I was a friend of The Ginger Man and Bob Precious when there was just the original pub in Houston’s Rice Village (you can read more about the history of The Ginger Man under the History tab above). We spent many nights after closing discussing whether it was wise to open a location in Dallas, and how it could be done without diluting the feel and spirit of either location. Many local patrons had commented on how comfortable they felt in the Houston pub, and the dynamite selection of beer and the knowledge of the staff added to that. We felt it was essential not to lose that feeling. The Dallas location came alive and was very popular. Buoyed by this success, Bob added a third location in Austin, which has also been very popular and successful. Since then, and under new Texan ownership, two more successful Texas pubs were created in Ft. Worth and Plano.
One night I was enjoying a meal of fish & chips at Fado down the street in Austin. While chatting with the person next to me at the bar, I asked him if he ever went to The Ginger Man. He responded “no, I never go to chains”. That bothered me (not solely because Fado has 13 locations across the country), and I’ve thought about it a lot. When I think of chains, I think of Benigan’s (now closed), IHOP, Denny’s, Chili’s and other such places. They’re all constructed in cookie-cutter fashion and it appears the total experience is engineered to be nearly identical in all of the different locations. I think “uniform mediocrity” is implied by the “chain” moniker. The Ginger Man certainly doesn’t fit into that definition of a chain.
It’s true we have a “home office” in Dallas that takes care of some of the paperwork and other busy work that would detract from the General Manager’s attention to beer and keeping the patrons happy (although there’s still plenty of paperwork left over for them to do). Beyond that, each pub has been given the freedom to develop its own personality. Houston isn’t so big on serving food, both because of the tiny kitchen area and several great restaurants within walking distance. The newer Dallas-area pubs have larger kitchens and serve more pub food. All of the pubs are dog-friendly, as much as local health regulations allow. Patrons at the Houston and Dallas pubs love the blended beers that the bartenders create, but they aren’t very popular in Austin. Some of the pubs have regular live music that is enjoyed, while patrons at others prefer to left alone to talk. Some ideas, such as the “buy-a-beer, keep the glass” nights are popular at all the pubs. Each of the pubs has their own charities they choose to support through special events. The Austin pub has “trunk shows” where local artists bring in their creations to sell; I don’t think that happens in any of the other pubs.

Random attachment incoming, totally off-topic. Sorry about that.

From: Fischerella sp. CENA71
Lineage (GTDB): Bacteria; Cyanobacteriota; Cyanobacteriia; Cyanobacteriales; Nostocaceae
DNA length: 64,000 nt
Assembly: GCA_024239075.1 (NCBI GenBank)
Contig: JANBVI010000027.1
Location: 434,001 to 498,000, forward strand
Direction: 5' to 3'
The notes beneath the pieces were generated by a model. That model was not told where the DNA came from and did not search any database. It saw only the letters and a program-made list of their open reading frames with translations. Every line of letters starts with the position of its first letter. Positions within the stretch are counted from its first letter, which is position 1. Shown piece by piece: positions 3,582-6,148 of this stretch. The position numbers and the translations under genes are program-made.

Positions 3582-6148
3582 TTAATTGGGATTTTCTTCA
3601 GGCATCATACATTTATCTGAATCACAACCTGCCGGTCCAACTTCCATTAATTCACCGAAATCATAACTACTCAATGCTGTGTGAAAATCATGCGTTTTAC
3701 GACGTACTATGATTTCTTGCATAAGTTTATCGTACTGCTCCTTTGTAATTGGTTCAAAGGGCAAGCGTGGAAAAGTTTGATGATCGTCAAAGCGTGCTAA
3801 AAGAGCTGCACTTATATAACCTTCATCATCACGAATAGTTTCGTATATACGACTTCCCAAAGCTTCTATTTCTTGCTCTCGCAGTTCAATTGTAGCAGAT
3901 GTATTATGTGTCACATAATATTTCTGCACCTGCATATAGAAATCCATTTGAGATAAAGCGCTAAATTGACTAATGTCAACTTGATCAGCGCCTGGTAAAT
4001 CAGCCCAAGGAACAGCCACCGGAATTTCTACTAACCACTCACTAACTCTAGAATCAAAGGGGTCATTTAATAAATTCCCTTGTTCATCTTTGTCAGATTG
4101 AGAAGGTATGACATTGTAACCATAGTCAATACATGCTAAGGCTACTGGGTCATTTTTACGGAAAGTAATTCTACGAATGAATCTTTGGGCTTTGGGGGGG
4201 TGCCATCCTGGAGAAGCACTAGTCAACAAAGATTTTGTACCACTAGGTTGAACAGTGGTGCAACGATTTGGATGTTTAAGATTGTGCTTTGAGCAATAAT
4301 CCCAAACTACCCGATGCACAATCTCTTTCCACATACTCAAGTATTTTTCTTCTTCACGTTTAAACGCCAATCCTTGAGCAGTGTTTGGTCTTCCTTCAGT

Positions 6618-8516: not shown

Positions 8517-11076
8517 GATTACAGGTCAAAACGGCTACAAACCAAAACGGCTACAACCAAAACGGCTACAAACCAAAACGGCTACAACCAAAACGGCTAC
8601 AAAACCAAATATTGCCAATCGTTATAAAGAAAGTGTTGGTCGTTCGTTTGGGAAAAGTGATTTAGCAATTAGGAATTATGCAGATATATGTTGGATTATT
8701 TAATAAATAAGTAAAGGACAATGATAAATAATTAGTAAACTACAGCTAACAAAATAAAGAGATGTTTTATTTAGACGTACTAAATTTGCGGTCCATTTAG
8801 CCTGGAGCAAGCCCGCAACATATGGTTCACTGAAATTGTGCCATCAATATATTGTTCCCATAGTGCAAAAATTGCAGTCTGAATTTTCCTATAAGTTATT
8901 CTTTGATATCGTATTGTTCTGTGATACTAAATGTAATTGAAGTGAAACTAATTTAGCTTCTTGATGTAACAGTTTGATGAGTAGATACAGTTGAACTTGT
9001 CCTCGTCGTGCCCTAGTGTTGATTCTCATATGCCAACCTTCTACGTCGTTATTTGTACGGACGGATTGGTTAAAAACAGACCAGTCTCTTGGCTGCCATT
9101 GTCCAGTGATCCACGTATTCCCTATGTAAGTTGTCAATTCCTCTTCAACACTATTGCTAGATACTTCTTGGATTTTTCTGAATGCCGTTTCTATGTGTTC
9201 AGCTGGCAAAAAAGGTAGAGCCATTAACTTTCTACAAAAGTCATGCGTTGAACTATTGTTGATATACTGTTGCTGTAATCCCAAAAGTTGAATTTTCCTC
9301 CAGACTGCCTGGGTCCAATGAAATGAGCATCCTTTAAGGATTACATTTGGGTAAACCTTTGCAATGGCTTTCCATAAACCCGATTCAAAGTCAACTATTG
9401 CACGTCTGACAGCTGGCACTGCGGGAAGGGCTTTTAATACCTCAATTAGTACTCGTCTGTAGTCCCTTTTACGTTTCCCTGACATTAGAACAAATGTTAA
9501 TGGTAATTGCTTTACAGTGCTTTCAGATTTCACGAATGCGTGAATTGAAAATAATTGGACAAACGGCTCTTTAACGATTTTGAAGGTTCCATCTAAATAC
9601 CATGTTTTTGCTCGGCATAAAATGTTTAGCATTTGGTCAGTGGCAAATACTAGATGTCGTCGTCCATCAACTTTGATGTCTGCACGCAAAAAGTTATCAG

I personally know all the General Managers at all the pubs, and I’d challenge anyone to find a more independent group of people. I’d say “good luck” to anyone who tried to fit them into a cookie-cutter definition of their job, other than some general principles on providing good beer and good service. And I’d extend that challenge to say you’d never find a group of more dedicated and hard-working managers. Its a LOT of work to keep all those taps flowing with fresh beer.
So, please, think of us as a family of pubs, not a chain. We feel that is a far more accurate description of us.